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Do I rent or do I buy?

We’ve all had to ask ourselves this question at some point in our lives, whether we’re interested in becoming a homeowner of splurging on a shiny new vehicle. The decision to rent or buy can cause quite the internal debate – especially for RVers.

RVs can open us up to unforgettable experiences and amazing adventures. But deciding whether to buy or rent an RV can put you in the fast lane to added stress. You need to carefully analyze the best price, convenience and fit for you. Thankfully, we’ve got you covered. Here are a few key questions to ask before deciding between renting and buying an RV.

Have I gone RVing before?

Rent before you buy. This sage advice has been passed down between generations of RVers because, frankly, buying an RV without ever stepping foot inside one can be a huge mistake.

Even the most thorough research can’t prepare you for the rigors of RVing. The driving, upkeep, gadgets and features are all different depending on your RV’s make and model. You might think you need that state-of-the-art new model, but the truth is: you won’t know until you’ve tried it.

Are you a fan of camping in national parks? Watch out for size restrictions. Will you be working on the road? You’ll need extra space to operate. Are you comfortable driving and parking a 40-foot vehicle? There’s no substitution for experience. The only way to know the RV for you is to go on a road trip and find out for yourself.

How often will I use the RV?

Who doesn’t want to spend all year traveling and exploring America’s most beautiful sights? It’s one thing to dream about full-time travel, however, and quite another to actually make it a reality.

It’s important to consider how much you’ll be using your RV. Obviously, it makes sense to rent if you’re embarking on a one-off road trip. But what if you catch the travel bug? What if your one-time trip turns into a lifetime of adventure?

One tip? Consider the weather. If you live in a place with extreme seasons, you might want to consider renting. Snow and inclement weather can limit your number of RV trips. If you’re planning on frequent cross-country trips, however, that’s another story.

Do I have a place to store an RV?

Communities and homeowners associations aren’t always RV friendly. Believe it or not, these groups don’t like massive RVs sticking out like a sore thumb on neighborhood driveways (We blame Cousin Eddie.)

One of the oft-overlooked aspects of owning an RV is considering where you can actually park it. Standard RVs usually come in between 20-25 feet in length, which can be too big to store in a driveway. If you do need to seek out storage, make sure you’ve budgeted for this extra monthly expense – as it can run anywhere from $50-$450 per month depending on heating and location. If you have nowhere to store the vehicle, you might want to reconsider your purchase.

What is my budget?

Let’s face it: RVs are expensive. Today’s RVs are so decked out in luxury amenities that they might as well be mansions on wheels. So it makes sense that renting is the cheaper option, right? Not exactly.

RV prices vary greatly depending on the size, type, age and time of purchase. Yes, big class A motorhomes can cost you a pretty penny. But most RVs cost between $50,000 and $100,000 and you can cut down on costs by buying them used. You can even buy smaller, more simple campers for under $15,000.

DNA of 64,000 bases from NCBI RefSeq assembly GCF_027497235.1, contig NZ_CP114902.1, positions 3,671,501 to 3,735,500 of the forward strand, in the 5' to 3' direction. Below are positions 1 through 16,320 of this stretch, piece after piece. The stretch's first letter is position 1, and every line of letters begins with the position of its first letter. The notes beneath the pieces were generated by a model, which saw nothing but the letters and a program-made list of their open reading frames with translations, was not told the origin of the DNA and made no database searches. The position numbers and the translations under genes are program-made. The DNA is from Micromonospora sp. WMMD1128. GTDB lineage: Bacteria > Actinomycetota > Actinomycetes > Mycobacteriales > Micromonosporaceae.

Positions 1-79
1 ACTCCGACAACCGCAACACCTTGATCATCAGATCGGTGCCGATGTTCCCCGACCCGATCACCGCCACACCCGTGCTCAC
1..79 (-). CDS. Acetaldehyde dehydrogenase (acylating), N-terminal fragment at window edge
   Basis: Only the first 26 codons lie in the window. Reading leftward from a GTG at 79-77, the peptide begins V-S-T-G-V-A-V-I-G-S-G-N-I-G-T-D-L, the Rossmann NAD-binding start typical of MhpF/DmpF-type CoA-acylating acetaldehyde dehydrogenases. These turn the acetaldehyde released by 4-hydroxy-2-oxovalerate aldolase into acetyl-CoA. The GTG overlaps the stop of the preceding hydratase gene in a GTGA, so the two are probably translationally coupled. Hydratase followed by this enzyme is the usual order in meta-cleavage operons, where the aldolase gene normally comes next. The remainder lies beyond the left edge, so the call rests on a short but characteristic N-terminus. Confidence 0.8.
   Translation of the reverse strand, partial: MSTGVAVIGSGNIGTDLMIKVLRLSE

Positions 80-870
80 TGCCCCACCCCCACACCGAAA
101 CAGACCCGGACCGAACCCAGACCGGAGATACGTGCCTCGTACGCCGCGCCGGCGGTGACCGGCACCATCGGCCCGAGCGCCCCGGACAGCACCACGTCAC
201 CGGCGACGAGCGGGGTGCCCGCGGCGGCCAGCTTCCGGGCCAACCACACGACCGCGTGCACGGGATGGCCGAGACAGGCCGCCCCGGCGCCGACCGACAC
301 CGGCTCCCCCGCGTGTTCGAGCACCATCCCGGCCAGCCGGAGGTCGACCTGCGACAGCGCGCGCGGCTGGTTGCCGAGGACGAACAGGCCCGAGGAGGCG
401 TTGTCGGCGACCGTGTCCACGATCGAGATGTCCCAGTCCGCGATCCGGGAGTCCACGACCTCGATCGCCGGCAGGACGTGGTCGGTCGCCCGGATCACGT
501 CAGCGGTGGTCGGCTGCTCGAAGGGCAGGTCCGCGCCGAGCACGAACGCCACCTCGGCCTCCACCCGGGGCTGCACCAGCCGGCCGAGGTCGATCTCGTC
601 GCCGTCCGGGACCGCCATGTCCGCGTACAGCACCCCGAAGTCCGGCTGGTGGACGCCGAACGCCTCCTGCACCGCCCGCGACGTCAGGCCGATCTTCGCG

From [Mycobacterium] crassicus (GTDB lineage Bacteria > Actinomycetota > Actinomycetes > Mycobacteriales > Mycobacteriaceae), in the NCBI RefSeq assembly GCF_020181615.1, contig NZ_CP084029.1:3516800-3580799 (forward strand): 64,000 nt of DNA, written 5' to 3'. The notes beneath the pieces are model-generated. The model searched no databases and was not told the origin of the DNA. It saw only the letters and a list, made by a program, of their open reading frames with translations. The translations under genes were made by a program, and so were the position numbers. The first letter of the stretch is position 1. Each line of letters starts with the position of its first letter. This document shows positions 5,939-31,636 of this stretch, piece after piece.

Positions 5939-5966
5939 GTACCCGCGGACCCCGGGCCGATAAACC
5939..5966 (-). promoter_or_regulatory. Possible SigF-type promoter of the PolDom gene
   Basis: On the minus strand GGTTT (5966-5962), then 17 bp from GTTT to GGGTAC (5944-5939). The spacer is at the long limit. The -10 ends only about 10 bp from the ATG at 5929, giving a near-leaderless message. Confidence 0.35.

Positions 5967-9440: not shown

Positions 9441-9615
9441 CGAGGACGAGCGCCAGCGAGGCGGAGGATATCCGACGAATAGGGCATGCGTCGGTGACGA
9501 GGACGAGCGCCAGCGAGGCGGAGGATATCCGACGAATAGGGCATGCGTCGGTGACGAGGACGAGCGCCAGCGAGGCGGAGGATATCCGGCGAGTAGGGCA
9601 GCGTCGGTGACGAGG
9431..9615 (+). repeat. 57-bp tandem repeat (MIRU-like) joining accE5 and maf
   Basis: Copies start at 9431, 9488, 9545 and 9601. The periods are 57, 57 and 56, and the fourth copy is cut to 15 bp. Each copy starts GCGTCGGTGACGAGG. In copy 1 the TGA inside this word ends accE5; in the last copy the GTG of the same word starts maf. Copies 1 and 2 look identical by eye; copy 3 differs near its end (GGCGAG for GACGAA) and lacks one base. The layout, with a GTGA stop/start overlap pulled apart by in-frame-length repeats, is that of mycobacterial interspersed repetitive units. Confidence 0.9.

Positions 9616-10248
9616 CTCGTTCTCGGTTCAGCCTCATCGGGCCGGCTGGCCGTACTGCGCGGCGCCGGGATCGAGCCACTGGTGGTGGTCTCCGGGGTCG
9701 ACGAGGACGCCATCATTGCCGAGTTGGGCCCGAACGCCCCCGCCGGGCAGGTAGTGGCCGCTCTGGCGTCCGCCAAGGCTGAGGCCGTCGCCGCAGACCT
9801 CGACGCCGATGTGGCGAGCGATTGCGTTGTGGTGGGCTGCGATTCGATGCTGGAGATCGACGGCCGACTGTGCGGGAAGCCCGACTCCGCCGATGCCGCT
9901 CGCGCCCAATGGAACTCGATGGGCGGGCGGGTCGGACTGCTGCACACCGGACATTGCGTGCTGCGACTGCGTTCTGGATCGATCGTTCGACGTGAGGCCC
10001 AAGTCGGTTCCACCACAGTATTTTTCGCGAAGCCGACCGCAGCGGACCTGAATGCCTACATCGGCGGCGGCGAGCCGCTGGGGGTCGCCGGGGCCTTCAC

Rentals, on the other hand, can end up being more expensive than you think. Just like car rentals, there are a number of hidden fees you need to be aware of. Rental companies put a cap on the daily mileage, so you might have extra mileage charges if you exceed 100 to 150 miles per day. They also come with a booking fee (usually between $200 and $300) and can charge you for things like generator use.

You can usually rent your RV by the day, and prices vary depending on the class, size and age. Costs range anywhere from $50-$450 per day, so check out this breakdown of the costs by model. Of course, you can also opt for a weekly rate if you want to get a slight discount on your overall fee.

For RVers, timing is everything. Summer months are peak season – so renting and buying RVs are going to be more expensive. RV rental and purchasing rates are much cheaper in the fall and winter, so opt for that time if possible. When planning your budget, also make sure to include all of your expenses like campground charges, fuel, and food.

Bottom line? Renting an RV for a week can easily run north of $4,000 after you tally all the costs. Purchasing an RV is a better bang for your buck if you plan on committing to frequent trips. Evaluate your budget and your plans before making your final decision.

What do I want to put in my RV?

What do you picture when you hear the word RV? For some, an RV is a small no-frills vehicle. For others, RVs are decked out in everything from kitchen appliances to king-sized mattresses.

Choosing an RV to rent or buy can be overwhelming. When deciding, make sure you know what kind of camping experience you want. If you want your RV to be a home away from home, you might want to consider buying. This way you can stock your kitchen, bedroom and living area with your favorite appliances and reminders of home. Looking to keep things simple? You can enjoy the benefits of RV camping from a rental. Consider what elements are crucial to your RV experience before heading to the dealership.

There are a million factors that weigh into your decision to rent or buy an RV. Use this list to guide you through this process and make the best decision. Keep in mind your experience, budget, storage, preferences and plans to make the most of your RV road trip.